Michael Moonwalks in Rio, As Brazil's Poor Samba
Jackson's music video, filmed in a favela, angers officials
RIO DE JANEIRO
FOR weeks Rio officials told Michael Jackson to "beat it," but on Sunday the pop star kept his promise: "I'll be there."
Mr. Jackson arrived with director Spike Lee to film several scenes for his new music video clip in the hilltop shantytown called Dona Marta.
Entitled "They Don't Care About Us," the five-minute video will depict the lives of the poor in the world's largest cities and official indifference to their plight. Lyrics will include such lines as "Am I invisible because you ignore me?"
While Dona Marta residents were ecstatic - they entertained the mega-star with samba music and promised to open a Michael Jackson museum to commemorate the visit - leading Rio officials were irate.
In the weeks prior to his visit, they lashed out at Jackson for his plan to film in one of the city's poorest slums, rather than in one of Rio's many postcard tableaus of golden beaches, gyrating samba dancers, lagoons, and stark mountains.
Ronaldo Cezar Coelho, the state secretary for commerce and industry, said the video would denigrate Rio's image and hurt the city's chances to host the Olympic Games in 2004. State Gov. Marcello Alencar even got personal. "He [Jackson] almost went to jail, and now he wants to become the hero of the poor," he told reporters.
Then Jorge Benja, a local attorney known for his nationalist sentiments - he once tried to prevent Madonna from performing in Rio, after she danced suggestively with the Brazilian flag during a Sao Paulo concert - persuaded a judge to issue a 20-day injunction against the filming.
That legal maneuver infuriated Mr. Lee, who called Rio officials "ridiculous" and "pathetic" and accused them of making Brazil look like a "banana republic." "What do these Rio authorities think? That poverty in Brazil is a secret?" he asked.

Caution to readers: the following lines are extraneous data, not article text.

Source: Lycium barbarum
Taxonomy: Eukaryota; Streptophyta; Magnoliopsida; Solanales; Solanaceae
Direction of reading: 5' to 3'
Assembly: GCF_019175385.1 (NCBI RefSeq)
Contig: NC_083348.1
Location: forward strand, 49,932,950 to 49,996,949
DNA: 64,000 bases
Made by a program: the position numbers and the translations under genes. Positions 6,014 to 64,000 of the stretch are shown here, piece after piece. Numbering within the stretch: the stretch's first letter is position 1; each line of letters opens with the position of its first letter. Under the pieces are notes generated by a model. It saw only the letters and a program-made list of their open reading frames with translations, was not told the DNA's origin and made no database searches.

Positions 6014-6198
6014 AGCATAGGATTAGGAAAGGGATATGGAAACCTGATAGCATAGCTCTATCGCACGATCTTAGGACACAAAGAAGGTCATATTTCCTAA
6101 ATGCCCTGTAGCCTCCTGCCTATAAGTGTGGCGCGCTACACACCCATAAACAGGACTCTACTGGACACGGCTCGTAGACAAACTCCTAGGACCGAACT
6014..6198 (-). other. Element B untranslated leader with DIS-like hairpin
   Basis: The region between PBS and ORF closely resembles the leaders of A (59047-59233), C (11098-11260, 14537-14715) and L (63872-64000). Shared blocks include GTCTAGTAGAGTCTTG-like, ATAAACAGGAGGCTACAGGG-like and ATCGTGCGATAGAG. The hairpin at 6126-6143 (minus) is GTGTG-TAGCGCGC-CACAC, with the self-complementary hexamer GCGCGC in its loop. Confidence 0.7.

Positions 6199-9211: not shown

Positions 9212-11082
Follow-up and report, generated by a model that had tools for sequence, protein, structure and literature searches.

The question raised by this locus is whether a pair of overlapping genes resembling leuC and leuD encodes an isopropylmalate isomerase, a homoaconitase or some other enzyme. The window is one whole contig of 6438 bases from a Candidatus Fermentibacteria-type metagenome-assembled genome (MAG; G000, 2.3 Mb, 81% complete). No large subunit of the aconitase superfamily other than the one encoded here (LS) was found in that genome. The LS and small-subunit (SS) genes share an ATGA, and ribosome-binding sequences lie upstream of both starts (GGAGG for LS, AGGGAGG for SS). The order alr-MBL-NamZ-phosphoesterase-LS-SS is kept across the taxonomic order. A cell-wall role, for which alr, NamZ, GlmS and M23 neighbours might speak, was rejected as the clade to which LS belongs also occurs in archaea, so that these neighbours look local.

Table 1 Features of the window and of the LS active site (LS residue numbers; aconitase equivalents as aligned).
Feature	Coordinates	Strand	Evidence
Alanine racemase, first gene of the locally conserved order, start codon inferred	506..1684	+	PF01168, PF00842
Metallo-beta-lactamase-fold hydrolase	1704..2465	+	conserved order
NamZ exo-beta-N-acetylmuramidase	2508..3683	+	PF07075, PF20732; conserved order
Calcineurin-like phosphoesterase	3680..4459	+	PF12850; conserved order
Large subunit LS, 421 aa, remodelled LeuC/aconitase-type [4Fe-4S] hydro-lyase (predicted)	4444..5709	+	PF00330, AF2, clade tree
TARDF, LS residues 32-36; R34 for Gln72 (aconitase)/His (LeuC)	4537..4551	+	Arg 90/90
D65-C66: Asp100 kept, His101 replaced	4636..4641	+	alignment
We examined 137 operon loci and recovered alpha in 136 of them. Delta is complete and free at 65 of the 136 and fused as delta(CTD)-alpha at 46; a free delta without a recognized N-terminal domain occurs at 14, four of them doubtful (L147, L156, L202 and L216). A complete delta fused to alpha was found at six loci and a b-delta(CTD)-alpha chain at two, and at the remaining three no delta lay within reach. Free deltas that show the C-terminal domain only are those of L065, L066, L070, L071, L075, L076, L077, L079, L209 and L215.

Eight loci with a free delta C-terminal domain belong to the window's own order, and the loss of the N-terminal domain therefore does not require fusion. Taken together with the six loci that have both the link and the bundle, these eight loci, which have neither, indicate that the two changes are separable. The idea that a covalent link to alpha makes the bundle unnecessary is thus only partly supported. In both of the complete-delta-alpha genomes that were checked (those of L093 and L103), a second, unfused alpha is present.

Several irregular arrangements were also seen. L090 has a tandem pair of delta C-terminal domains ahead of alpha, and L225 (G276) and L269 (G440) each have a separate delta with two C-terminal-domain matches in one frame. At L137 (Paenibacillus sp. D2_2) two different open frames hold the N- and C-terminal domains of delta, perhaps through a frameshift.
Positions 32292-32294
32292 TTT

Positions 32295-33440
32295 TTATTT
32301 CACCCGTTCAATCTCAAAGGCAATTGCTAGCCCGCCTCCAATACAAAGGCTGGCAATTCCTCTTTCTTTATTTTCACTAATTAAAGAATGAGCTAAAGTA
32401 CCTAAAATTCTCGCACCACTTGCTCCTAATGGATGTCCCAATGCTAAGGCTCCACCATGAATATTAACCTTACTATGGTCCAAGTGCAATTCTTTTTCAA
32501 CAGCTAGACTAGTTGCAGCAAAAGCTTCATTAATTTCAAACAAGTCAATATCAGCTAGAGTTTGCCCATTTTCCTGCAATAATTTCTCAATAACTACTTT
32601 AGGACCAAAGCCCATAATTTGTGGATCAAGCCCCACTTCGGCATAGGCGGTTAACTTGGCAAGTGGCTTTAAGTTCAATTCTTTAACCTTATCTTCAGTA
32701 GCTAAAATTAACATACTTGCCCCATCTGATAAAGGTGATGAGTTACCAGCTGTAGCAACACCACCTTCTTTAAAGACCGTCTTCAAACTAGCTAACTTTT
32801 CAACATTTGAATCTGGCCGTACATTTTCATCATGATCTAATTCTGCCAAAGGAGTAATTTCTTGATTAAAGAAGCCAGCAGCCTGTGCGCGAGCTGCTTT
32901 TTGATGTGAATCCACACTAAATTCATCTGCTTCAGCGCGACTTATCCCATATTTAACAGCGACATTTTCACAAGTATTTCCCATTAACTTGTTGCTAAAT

A Rio appeals court judge agreed. Last week, he struck down the prior ruling, arguing that "poverty in such communities is public knowledge."
Undoubtedly, Rio officials prefer to hide the fact that they have failed to deal with the city's poverty and have lost control of the slums - called favelas - to drug traffickers.
It's no surprise to most Cariocas - as Rio residents are known - that a Brazilian film company hired by Jackson negotiated price and film locations not with Rio Mayor Cesar Maia, but with Marcio Amaro de Oliveira, Dona Marta's reputed drug kingpin.
Currently, about 2 million people - one-third of metropolitan Rio's population - reside in the city's 548 registered favelas. Hundreds dot the rocky hilltops, defying the law of gravity. Dona Marta's 12,000 favelados have a spectacular view of Guanabara Bay, Sugar Loaf Mountain, Ipanema beach, and Christ the Redeemer statue atop Corcovado peak. But they don't have running water, sewage, or garbage collection.
Here, as in many favelas, schools and health clinics are run-down and without basic supplies.
Many residents said they hoped the visit of an international star would improve their lot.
"It's marvelous that Jackson's coming," said Edilson Barbosa dos Santos, a handyman. "I hope he can help us."
Indeed, some people think he already has. His production crew has given an undisclosed amount to the residents' association and has renovated several homes and a closed health clinic for their use during the day-long filming. City garbage trucks have appeared to haul away piles of trash, and a broken pump that supplies the hill with water has been suddenly repaired.
"That's unheard-of," said Jose Luiz de Oliveira, head of the Dona Marta residents' association. "Like the title of a [recent] Spike Lee movie, they finally did the right thing."